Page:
4. Celebrate all that your body can do. Every day it serves you well. And our bodies really love to move. Exercise also helps improve our mood, boost our self confidence and energy levels and helps us to focus on how our bodies feel. How do you love to move? Do you love running or lifting or Zumba or swimming. Whatever you love, make a small goal to stick to at least 3 consistent sessions per week. Not exercised for a while and feel overwhelmed? Walk. Just walk. The movement and fresh air will soon get all of the feel good vibes flowing.
5. Do something nice for yourself that has nothing to do with food or exercise. Take a relaxing bubble bath, get a massage, do your make up, wear your favourite item of clothing, take a picnic outdoors, meditate, go for lunch with a friend. Make time for yourself. You are worth it.
I can highly recommend a book called ‘As Is’ written by Erin Brown “a 21 day practise for finding a home and peace in your skin” Erin is an expert in body image and her posts and blogs helped me to find my peace.
There is something that’s been going around in my head for a while now. I’ve posted a few status’s on Facebook about it. But it’s still something I’m trying to internalise.
To dye or not to dye.
My hair that is. Not me. Ha!
That would be die. And I don’t want to do that just yet.
Ok so I’m 36. I first started noticing grey hairs in my late 20’s early 30’s. It was only a few though and back then and I felt that my appearance needed “fixing” anyway, so I was quite happy to dye away the grey. Back in those days, I required the validation of others for self approval. And that meant hiding parts of myself that could be seen as a flaw by others.
Now, that is no longer the case. I’m at peace with my appearance. I don’t dislike the grey. I don’t require anyone’s validation in order to feel good about myself. I always feel good about myself. And if I’m not showering myself with love, then I bathe myself in peace until loves comes again.
So why do I have this ongoing debate with myself about whether or not I should dye my hair?
I believe it’s because of those deeply ingrained conditions that have been instilled in us from such an early age. Maybe it’s the remains of my old values. That we have to be what society deems “beautiful” in order to be attractive. That as a female, grey hair is something to be covered up unless you are an old age pensioner. Do we dye our hair to look/feel younger? To be more attractive? To fit the norm? I believe that’s why I WAS dying my hair. And now those reasons go against all of my values.
Maybe I will dye my hair again one day. When I’m dying it for colour and expression rather than to hide or cover up an ever maturing part of myself.
Until I’ve reached that thought process, I’m holding on to my strands of glitter 💋
We often start our relationship with the gym full of motivation and good intentions.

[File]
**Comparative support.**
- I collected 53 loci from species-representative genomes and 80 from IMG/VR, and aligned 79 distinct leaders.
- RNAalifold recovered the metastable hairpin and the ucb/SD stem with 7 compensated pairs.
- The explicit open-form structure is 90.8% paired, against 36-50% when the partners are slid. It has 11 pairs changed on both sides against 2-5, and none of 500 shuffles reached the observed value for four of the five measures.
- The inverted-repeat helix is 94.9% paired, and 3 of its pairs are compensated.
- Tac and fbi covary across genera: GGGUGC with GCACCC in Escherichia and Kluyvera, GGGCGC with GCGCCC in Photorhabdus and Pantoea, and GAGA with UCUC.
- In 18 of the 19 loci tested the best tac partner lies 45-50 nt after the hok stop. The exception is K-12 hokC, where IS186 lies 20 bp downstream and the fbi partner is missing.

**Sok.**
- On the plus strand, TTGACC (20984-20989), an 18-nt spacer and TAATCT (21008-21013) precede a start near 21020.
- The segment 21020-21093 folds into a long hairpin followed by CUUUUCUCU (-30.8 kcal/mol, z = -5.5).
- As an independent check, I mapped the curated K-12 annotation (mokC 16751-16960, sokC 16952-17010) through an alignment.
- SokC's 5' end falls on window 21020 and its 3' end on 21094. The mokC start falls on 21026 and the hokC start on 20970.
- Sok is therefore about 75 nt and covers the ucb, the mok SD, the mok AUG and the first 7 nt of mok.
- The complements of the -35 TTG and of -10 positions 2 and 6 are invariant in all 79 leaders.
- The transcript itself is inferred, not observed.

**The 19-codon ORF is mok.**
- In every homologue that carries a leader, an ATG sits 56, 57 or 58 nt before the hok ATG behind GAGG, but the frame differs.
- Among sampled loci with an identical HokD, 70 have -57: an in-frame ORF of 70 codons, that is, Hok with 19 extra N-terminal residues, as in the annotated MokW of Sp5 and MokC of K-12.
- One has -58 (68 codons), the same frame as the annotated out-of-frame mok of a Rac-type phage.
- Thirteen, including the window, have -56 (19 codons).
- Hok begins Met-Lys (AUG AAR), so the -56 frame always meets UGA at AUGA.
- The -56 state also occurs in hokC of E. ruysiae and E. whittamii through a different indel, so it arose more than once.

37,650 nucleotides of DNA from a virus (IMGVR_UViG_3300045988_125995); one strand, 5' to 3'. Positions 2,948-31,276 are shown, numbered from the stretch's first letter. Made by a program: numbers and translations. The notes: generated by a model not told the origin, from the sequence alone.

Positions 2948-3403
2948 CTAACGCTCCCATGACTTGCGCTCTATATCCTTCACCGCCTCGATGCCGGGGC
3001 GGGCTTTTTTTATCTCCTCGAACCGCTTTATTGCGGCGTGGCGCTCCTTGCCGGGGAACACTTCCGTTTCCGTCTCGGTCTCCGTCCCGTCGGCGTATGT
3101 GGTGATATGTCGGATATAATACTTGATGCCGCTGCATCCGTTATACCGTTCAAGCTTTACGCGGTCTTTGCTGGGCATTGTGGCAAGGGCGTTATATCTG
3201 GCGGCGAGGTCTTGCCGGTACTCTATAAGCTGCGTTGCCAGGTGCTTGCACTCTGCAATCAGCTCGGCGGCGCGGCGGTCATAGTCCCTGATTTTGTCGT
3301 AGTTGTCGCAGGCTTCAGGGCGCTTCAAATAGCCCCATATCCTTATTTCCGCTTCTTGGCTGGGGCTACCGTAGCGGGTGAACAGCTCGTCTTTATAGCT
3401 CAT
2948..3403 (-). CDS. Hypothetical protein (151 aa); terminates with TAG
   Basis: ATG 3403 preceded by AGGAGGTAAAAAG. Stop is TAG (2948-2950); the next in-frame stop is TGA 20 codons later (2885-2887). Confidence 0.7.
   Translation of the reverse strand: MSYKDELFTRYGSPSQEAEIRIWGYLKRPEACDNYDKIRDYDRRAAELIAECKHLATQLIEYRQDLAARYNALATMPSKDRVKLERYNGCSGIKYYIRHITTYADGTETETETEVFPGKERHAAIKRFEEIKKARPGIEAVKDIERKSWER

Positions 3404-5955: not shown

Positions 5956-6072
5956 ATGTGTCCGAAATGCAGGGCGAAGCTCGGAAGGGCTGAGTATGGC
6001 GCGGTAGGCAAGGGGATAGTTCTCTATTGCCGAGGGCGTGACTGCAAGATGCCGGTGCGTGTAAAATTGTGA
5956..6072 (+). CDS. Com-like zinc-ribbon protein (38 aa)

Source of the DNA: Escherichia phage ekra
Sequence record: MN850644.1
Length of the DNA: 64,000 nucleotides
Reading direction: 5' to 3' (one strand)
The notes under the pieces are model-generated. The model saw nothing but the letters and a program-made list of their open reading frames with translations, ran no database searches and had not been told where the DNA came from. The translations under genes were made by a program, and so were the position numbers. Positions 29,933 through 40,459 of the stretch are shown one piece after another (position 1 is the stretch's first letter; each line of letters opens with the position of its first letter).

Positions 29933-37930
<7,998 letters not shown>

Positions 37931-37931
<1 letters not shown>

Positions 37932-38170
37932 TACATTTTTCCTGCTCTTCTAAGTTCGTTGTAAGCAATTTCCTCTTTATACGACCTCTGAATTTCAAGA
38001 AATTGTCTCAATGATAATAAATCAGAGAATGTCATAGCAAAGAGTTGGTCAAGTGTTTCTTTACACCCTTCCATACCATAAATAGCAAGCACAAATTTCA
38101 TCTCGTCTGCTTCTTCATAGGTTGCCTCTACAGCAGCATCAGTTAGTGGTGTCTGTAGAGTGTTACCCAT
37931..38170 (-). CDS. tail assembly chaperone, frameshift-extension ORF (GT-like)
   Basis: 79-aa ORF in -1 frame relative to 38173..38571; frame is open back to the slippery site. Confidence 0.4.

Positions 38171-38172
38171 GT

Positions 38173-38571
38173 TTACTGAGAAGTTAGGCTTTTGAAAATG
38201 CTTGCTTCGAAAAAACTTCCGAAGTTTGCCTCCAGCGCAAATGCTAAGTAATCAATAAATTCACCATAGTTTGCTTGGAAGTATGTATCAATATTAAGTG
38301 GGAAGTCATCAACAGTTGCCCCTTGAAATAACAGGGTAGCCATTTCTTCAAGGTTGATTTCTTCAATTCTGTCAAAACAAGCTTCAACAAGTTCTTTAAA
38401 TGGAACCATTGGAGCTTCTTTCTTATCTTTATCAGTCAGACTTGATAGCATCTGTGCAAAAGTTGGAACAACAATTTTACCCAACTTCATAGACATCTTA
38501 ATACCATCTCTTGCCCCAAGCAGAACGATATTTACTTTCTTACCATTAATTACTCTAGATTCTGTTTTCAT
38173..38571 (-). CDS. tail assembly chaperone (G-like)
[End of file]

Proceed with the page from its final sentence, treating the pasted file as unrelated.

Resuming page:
Most likely, you decide to completely overhaul your diet too. You tell yourself you WILL train 5 times per week, at least an hour per session. You will mostly do cardio. You eliminate bread, rice or pasta and “treats” and you will drink 3 litres of water.
You make it to day 5 and you are exhausted, hungry and fed up. The motivation that got you started ran away after day 3 on the treadmill. And if you drink anymore water, you feel you may drown.
So what happened?
You tried to change too much, too soon.
Instead, try a gentler approach.
Change one thing at a time. And once you become consistent at that, then add another goal in. Let’s start with the gym. Don’t try to go from zero to hero in 60 seconds flat. Instead, think about your daily schedule. How much time can you realistically dedicate to exercise and commit to? Let’s say you can definitely fit in 3 sessions for 45 minutes. Start there. Make that your first habit to conquer. Commit to 3 sessions per week for 45 minutes for at least a month. Incorporate 2 sessions of strength training and 1 session cardio. This targets full body fitness and keeps your workouts varied. Once you have become consistent in this habit, then decide which goal is most important to you next and work on that one.
Real, long lasting changes take time and patience and require consistency.
You need to remain consistent and it’s hard to achieve that if you are trying to change too many things all at one.
Take it slow. Keep it simple.
Shorts have been the topic of my social media feed this week.
I dared to bare.
I started wearing my shorts as the weather got hotter and hotter (in comparison it has now been raining for 2 days straight!)
I decided to become mindful about the conversations people were having about wearing less in the heat.
A few ladies complimented me, but declared they would never be brave enough to wear their shorts in public. A few ladies commented the same type of thing on my social media posts.
This both saddens me and angers me. And believe me, my anger is not directed at those ladies, it’s directed at the messages that convinced these women they should somehow feel ashamed to wear what the fuck they want!!!!
I went a step further and bought some 3″ shorts for the gym. 1. We are going to be competing in singlets and I didn’t want the first time I bared my wonder thighs to be on the platform. I want to feel confident on the platform and confidence requires action. 2. It was hot and I sweat. A lot. 3. I want to wear what the fuck I want!
I was scared to wear them so that made me even more determined to wear them.
So I did.
And guess what happened?
That’s right. Nothing. No one died. No one stared at me in horror. Well if they did, I was so busy being fabulous, that I didn’t notice. The world didn’t come to an end. It survived me and my wonder thighs. My big powerful, dimply, wobbly wonderful thighs.
Wear the damn shorts ladies.
YOU have a right to wear what you want.